The Revd. Protopresbyter Dr. Stavros Kofinas
(13 Jouly 2007)

Hanging from a building on one of the main streets of Athens for the past several months has been a large billboard advertisement with big red letters that reads: YOU ARE NOT ALONE! Undoubtedly the advertisement expresses one of today’s greatest concerns. Loneliness is one of the most common human experiences throughout all time.  It appears, though, that our modern society, and particularly Western civilization, has brought it to the forefront as a major issue.  It is considered to be the root of many of the maladies of our society, ranging from suicide attempts, alcoholism, drug addictions, psychosomatic illnesses and even automobile accidents. The truth is that today’s society forces us to feel our loneliness in a way that we cannot deny.  Our lifestyle not only creates, expresses and feeds into loneliness; it leaves us bewildered and full of painful sorrow.  It is a precious bane, something we try to avoid yet try to preserve.

There is a significant level of loneliness in common human experience which is not universal.  On this first level, those blessed with a happy family life, professional success, with colleagues who are friends, may not feel as lonely as those who are estranged from their families and loved ones, those who are  homeless, or suffer poverty, and who are socially outcast or war-stricken.

There is another level of loneliness which is common to us all.  It is loneliness as a “universal” human experience.  Of course, there are variations in regards to this experience. Some of the things that make people lonely in the West do not make others lonely in the East.  There is a loneliness that many women experience (which many men have difficulty understanding) just as a loneliness which men experience (which some women fail to comprehend). We, as older adults, experience loneliness in a different way from those of you who are young, and the fact that we cannot fully sense this difference is one of the major causes for the generation gap. In order to try to bridge this gap, we must all understand that, throughout all the stages of our lives, each one of us probes the same mystery of human consciousness: Who am I? Where do I fit in? Whom can I trust? In answering these questions, we all try to confirm our personal beings in relation to the world around us. We strive to balance the uniqueness of our self (our “I”) to the world of interpersonal relations (the “we”), and to realize the boundaries and limits of our human condition. What is common to us all is that in this search for personal identity, we encounter separation and death, longing and loneliness. The worst of these is loneliness.

But what does it mean to be alone  ? Loneliness  is far more than an experience. It cannot be confined to a specific feeling or a cluster of feelings (sadness, anger, etc.). It is a human condition . To be human is to be lonely  in some dark and deep place which lives in us all.

There is a positive side to being alone  which is a natural state.  Each of us is an entity which will never exist again, an entity which is incorporated into God’s Grace and Kingdom. St. Symeon’s phrase “μόνος με τον Μόνον” (“Only with the Only”) expresses this to its fullest. It transcends the context of intimacy into a state of being. When I read St. Symeon’s phrase, I always think of Adam and Eve in the Garden before the Fall.  They took part in each other’s “only-ness”  and experienced the only-ness of the Triune God, forming a catholic harmony of oneness and unity . In order for us to grow physically, psychologically and spiritually, it is necessary for us to encounter our uniqueness as persons , but because we are no longer in the Garden, and are living in the worldliness  of this world, this encounter is often a very lonely process.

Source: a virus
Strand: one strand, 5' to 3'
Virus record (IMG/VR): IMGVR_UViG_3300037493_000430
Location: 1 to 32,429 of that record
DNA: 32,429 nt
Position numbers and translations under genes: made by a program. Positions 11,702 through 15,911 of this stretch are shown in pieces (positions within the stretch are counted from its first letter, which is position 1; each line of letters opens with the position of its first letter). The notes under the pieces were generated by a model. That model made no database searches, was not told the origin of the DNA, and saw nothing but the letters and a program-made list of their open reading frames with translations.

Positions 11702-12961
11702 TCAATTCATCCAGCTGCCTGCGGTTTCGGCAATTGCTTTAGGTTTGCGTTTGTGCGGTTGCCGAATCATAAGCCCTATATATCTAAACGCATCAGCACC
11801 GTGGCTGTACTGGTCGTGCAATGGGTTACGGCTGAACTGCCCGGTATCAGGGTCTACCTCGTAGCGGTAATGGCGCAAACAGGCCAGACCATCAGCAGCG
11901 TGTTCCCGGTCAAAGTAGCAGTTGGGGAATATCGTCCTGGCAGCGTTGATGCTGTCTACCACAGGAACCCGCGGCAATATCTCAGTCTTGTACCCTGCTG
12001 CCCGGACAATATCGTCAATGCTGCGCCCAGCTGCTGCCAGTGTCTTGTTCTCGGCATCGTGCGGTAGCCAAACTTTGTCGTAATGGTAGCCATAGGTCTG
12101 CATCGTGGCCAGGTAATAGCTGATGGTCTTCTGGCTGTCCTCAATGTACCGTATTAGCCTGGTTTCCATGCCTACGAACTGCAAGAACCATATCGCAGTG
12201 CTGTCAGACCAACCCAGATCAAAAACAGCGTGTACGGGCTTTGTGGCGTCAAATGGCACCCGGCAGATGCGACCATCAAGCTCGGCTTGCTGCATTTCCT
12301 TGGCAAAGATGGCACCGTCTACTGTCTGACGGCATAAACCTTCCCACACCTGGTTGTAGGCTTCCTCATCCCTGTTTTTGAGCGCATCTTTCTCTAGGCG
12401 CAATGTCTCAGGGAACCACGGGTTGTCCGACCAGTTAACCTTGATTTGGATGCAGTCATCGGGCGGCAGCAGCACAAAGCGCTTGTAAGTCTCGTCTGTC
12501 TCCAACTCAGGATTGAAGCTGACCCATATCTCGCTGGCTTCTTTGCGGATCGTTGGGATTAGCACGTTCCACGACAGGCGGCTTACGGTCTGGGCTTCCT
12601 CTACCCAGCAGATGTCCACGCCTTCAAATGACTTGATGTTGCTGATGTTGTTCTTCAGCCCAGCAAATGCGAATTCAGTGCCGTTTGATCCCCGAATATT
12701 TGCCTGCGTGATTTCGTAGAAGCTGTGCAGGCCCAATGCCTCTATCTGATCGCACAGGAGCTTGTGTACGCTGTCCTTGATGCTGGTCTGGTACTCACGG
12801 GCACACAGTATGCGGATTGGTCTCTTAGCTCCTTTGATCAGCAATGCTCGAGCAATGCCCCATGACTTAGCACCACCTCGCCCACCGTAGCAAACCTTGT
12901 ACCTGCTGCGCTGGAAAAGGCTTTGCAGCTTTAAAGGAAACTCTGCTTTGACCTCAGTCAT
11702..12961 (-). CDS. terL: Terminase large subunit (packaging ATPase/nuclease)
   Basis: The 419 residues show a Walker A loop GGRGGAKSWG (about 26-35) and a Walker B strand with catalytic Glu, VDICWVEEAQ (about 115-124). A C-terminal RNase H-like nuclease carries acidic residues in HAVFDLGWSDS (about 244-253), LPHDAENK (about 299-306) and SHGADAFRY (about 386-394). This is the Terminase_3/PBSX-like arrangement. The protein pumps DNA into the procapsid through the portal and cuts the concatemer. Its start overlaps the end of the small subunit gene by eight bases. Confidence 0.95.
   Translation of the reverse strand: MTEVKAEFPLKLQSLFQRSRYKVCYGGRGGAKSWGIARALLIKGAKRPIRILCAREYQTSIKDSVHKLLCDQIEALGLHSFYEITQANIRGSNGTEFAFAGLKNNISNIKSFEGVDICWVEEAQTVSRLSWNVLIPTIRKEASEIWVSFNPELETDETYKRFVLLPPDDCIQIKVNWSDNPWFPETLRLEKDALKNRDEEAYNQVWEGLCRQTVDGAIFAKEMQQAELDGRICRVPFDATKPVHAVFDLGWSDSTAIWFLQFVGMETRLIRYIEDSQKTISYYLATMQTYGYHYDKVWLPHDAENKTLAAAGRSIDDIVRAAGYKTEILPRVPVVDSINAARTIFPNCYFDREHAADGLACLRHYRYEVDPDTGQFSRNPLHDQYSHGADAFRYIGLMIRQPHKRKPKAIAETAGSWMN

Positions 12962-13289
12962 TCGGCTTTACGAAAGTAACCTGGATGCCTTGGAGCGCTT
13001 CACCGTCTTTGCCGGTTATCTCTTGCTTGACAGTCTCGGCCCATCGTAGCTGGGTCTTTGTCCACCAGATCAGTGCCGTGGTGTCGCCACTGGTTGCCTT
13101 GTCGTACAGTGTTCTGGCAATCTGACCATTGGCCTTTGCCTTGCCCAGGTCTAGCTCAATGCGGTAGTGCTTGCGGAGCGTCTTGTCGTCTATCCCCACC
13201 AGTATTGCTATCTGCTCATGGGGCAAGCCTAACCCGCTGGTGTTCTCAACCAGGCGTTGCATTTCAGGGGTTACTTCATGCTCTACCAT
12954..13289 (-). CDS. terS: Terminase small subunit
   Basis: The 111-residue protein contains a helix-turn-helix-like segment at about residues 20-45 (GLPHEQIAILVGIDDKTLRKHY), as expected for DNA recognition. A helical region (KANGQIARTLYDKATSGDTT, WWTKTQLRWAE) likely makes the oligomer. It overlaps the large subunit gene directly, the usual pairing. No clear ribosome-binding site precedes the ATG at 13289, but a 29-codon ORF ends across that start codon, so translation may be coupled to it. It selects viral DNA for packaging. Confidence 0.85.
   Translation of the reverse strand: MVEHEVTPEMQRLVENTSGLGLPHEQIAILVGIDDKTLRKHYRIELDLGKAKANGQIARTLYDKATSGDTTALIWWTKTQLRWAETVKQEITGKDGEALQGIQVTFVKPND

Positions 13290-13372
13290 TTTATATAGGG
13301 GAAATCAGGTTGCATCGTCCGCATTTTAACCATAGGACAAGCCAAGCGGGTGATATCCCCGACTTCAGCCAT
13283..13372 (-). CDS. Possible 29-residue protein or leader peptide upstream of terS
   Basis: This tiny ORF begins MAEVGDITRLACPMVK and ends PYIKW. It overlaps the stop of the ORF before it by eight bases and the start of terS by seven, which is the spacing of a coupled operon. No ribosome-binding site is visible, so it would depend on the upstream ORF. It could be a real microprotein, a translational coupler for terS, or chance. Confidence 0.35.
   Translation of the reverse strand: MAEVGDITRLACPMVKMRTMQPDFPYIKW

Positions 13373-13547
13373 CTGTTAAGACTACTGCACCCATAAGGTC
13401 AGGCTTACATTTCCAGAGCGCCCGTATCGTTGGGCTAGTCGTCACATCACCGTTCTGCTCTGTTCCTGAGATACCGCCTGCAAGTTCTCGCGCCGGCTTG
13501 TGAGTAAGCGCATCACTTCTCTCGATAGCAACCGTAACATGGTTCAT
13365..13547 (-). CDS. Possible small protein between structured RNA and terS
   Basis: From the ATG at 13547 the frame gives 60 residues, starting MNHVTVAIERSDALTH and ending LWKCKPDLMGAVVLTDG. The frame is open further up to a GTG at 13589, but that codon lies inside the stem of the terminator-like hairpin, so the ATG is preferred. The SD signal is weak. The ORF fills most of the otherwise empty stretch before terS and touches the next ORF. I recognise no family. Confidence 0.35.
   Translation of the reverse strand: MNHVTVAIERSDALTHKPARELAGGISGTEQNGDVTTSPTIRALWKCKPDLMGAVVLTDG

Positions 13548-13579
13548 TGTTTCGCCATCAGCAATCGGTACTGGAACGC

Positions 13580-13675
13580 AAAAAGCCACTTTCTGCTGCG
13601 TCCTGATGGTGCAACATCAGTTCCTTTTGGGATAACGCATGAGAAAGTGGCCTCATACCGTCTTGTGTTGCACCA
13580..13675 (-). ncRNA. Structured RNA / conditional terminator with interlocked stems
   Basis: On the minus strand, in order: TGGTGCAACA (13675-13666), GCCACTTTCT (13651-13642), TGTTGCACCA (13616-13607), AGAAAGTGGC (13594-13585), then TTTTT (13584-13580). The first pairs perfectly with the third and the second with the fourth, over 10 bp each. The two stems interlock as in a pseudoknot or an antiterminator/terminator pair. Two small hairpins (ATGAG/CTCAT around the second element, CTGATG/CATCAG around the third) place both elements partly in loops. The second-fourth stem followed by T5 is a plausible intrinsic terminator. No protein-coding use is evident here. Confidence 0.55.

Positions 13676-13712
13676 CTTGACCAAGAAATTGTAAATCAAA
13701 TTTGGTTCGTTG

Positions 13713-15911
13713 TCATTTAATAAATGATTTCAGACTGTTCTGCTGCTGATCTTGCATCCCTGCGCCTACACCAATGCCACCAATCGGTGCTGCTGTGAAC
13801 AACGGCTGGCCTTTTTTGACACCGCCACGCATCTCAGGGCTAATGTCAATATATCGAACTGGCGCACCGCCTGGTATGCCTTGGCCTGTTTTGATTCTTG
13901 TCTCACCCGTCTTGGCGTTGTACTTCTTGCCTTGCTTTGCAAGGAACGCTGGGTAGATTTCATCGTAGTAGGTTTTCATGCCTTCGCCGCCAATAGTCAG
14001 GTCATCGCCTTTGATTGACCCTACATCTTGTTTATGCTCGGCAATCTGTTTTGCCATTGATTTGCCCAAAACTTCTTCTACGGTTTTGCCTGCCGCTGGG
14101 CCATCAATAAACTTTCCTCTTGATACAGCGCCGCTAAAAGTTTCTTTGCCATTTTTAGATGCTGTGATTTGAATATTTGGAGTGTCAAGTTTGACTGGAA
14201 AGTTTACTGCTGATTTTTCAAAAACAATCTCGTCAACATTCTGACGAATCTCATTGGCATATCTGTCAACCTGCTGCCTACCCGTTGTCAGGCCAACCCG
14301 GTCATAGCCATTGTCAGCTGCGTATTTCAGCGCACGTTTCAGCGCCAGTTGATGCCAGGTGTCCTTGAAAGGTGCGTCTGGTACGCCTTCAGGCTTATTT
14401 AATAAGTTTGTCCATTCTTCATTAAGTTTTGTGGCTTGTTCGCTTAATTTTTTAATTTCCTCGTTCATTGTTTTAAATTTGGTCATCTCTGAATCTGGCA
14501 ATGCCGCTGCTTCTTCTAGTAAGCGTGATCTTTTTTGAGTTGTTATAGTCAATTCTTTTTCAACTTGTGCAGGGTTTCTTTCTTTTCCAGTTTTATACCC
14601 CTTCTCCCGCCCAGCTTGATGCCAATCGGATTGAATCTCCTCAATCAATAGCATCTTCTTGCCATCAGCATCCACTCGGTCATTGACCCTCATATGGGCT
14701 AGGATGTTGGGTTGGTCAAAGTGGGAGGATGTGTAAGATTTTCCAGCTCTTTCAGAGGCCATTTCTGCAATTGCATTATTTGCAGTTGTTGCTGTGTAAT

There is a negative side to being alone . It is living in separation from others, making loneliness an unnatural state. Because we are not in the Garden with our God and Creator, our point of reference has become our “self”.  We refuse to see our uniqueness  in relationship to Him, to be a communicant of His Divine Nature. Cut off from the catholicity of His love, we remain isolated and vainly try to reach wholeness, fulfillment, and harmony by and in our selves. Thus, we believe that it is necessary to reassure ourselves that we have reached fulfillment before we can genuinely relate to others.  Everything outside our self becomes an object which facilitates our individualistic need to feel fulfilled. Everything and everyone becomes a product for exploitation.  Since we do not live in catholic oneness with God, our mind functions separately from our heart and from our will.  We say one thing, feel another, and want something entirely different. Because relationships are cultivated separately from the context of love, from the mystery of God’s incomprehensible love, the relationships we cultivated become superficial and full of hypocrisy. This only causes us to continuously relate to ourselves and to the world in vain, remaining alone  with our self in a world full of loneliness, trying to gratify our own needs and to verify our existence. Thus man today resembles a pelican in the wilderness, an owl in the desert.  He is not able to sleep, becoming like a lonely sparrow on a roof, taunted by his fellow man (Psalm 101:7-9).